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May 15, 2018

Disease summary:

Neurofibromatoses (NF) are a group of disorders characterized by the development of tumors in the nervous system. These benign tumors develop on the nerves heath and are known as neurofibromas. Other findings include skin and bone abnormalities. The severity of the disease varies considerably even within the same family. Neurofibromatosis 1 (NF1) is the main type accounting for 95% of the cases but other subtypes such as Neurofibromatosis 2 (NF2), schwannomatosis and Legius syndrome have been described.1  Heterozygous loss of function pathogenic variants in the NF1, NF2, SPRED1 and SMARCB1 genes are associated with the different forms of neurofibromatosis and related syndromes.

Autosomal dominant

1/3,000 1, 2, 3

Major clinical symptoms for Neurofibromatosis type 1 1:

  • Café-au-lait macules
  • Multiple neurofibromas and plexiform neurofibroma
  • Freckling in the axillary or inguinal regions
  • Optic glioma
  • Lisch nodules (iris hamartomas)
  • Osseous lesion (sphenoid dysplasia or tibial pseudarthrosis)

Major clinical symptoms for Neurofibromatosis type 2 7:

  • Bilateral vestibular schwannomas with associated symptoms of tinnitus, hearing loss, and balance dysfunction
  • Presence of multiple meningioma, schwannoma, glioma, and/or neurofibroma
  • Posterior subcapsular lenticular opacities
  • Cataract

Diagnosis of NF1 should be suspected in individuals who have any of the following findings 1:

  • Six or more café-au-lait macules
  • Two or more neurofibromas or one plexiform neurofibroma
  • Freckling in the axillary or inguinal regions
  • Optic glioma
  • Two or more Lisch nodules (iris hamartomas)
  • A distinctive osseous lesion such as sphenoid dysplasia or tibial pseudarthrosis
  • A first-degree relative with a pathogenic variant in the NF1

Diagnosis of NF2 is established in individuals with one of the following 7:

  • Bilateral vestibular schwannomas
  • Presence of any of the following: meningioma, schwannoma, glioma, neurofibroma, posterior subcapsular lenticular opacities
  • A first-degree relative with a pathogenic variant in NF2

There is no cure for NF, but many treatments are available that can result in prevention of complications or to increase the quality of life for the affected patients1:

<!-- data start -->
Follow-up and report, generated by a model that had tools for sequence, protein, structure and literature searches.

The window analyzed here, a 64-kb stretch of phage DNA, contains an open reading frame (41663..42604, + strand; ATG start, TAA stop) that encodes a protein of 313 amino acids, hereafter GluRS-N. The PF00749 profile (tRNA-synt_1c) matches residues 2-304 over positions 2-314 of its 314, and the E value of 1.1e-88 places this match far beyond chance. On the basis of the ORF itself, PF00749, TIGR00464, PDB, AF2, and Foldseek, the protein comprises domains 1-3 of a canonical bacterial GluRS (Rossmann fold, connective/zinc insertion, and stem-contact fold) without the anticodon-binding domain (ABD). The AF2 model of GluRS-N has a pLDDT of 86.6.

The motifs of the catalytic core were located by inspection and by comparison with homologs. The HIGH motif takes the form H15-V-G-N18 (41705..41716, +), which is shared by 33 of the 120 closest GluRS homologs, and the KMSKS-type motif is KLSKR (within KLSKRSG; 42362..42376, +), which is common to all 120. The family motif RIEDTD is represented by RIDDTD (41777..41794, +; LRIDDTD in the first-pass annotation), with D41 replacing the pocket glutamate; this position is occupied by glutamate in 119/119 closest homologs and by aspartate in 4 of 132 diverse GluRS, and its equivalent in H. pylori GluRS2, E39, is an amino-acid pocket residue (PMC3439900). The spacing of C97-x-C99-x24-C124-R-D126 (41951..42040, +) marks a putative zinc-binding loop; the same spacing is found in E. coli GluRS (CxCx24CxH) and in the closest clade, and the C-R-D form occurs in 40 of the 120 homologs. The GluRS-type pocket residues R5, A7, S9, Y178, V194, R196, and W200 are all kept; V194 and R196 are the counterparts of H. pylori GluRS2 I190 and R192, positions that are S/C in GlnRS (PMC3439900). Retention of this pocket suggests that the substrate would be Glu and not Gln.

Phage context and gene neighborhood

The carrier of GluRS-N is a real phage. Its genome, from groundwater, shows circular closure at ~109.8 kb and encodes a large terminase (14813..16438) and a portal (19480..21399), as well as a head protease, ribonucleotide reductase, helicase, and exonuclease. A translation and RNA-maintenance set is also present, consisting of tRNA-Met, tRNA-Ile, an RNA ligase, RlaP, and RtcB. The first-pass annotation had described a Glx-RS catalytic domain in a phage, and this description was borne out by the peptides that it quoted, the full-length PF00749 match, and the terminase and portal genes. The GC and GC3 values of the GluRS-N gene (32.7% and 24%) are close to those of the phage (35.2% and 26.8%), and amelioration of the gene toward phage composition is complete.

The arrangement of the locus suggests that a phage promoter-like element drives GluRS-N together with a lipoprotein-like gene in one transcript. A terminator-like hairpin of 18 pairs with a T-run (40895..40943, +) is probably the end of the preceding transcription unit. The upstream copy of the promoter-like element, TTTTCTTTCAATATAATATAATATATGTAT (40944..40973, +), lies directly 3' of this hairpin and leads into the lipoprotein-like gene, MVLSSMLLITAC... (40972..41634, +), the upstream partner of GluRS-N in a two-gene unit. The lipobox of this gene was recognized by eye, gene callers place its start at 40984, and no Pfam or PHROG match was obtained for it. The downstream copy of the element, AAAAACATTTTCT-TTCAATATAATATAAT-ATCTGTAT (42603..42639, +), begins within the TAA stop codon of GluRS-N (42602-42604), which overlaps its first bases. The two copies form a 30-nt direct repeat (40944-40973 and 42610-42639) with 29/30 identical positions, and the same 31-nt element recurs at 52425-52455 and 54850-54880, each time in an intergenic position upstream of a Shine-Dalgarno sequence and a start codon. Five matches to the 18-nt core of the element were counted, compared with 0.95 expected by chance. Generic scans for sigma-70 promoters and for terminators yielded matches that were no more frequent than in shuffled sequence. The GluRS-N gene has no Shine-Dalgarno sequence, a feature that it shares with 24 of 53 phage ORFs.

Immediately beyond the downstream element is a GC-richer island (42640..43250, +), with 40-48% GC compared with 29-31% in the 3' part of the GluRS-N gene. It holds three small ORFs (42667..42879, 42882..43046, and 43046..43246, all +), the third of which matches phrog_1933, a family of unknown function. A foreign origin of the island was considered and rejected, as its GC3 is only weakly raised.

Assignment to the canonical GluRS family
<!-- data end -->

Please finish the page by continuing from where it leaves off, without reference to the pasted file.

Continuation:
• Surgical tumor removal
  • Additional cancer treatments and other symptomatic approaches.
  • Radiofrequency therapy has shown promise for treatment of facial diffuse plexiform neurofibromas and café-au-lait spots.
  • Preliminary studies of numerous clinical trials suggest that sirolimus (mTOR inhibitor), may be useful in treating pain associated with plexiform neurofibromas.
  • Several therapeutic approaches for malignant peripheral nerve sheath tumors are available.
  • Piebald trait associated with pathogenic variants in KIT and SNAI2
  • Meningiomas associated with pathogenic variants in SMARCB1, PTEN, NF2, SMARCE1, MN1, PDGFB and other genes
  • McCune-Albright syndrome (Fibrous dysplasia) caused by pathogenic variants in GNAS
  • Noonan syndrome with multiple lentigines, LEOPARD syndrome, caused by heterozygous pathogenic variant in one of four genes (PTPN11, RAF1, BRAF, and MAP2K1)
  • Proteus syndrome, caused by pathogenic variants in AKT1

To confirm/establish the diagnosis, CENTOGENE offers the following testing strategy for Neurofibromatosis using NGS Panel Genomic:

Step 1: Whole genome sequencing from a single filter card (drop of blood), covering the entire genic region (coding region, exon/intron boundaries, intronic and promoter) for all the genes included in the Neurofibromatosis panel. Copy Number Variants analysis derived from NGS data is also included.

Step 2: If no pathogenic variant is identified in Step 1, continue with bioinformatics analysis covering genes that are either implicated or associated with overlapping phenotype or similar pathways.   

  • Individuals with a positive family history of Neurofibromatosis
  • Individuals with most common symptoms of Neurofibromatosis (regardless of family history)

Confirmation of a clinical diagnosis through genetic testing of Neurofibromatosis can allow for genetic counseling and may direct medical management.

Table 1. Overview of the genes in CENTOGENE´s Neurofibromatosis panel

Gene (OMIM) Frequency of pathogenic variants Associated/allelic disorders (OMIM)

>95% for NF1 4, 5

NF1 (162200)
NF2(607379) 22q12.2 72%-92% for NF2 6 NF2 (101000); Schwannomatosis (162091); Meningeoma (607174)
SMARCB1(601607) 22q11.23 7% for Coffin-Siris syndrome 10
35% (35/100) for rhabdoid tumors 11
Coffin-Siris syndrome 3 (614608); Rhabdoid tumors, somatic (609322) Schwannomatosis-1 (162091)
SPRED1(609291) 15q14 1%-2% 12

3%-25% for NF1 13

98% for Legius syndrome 13
Legius syndrome (611431)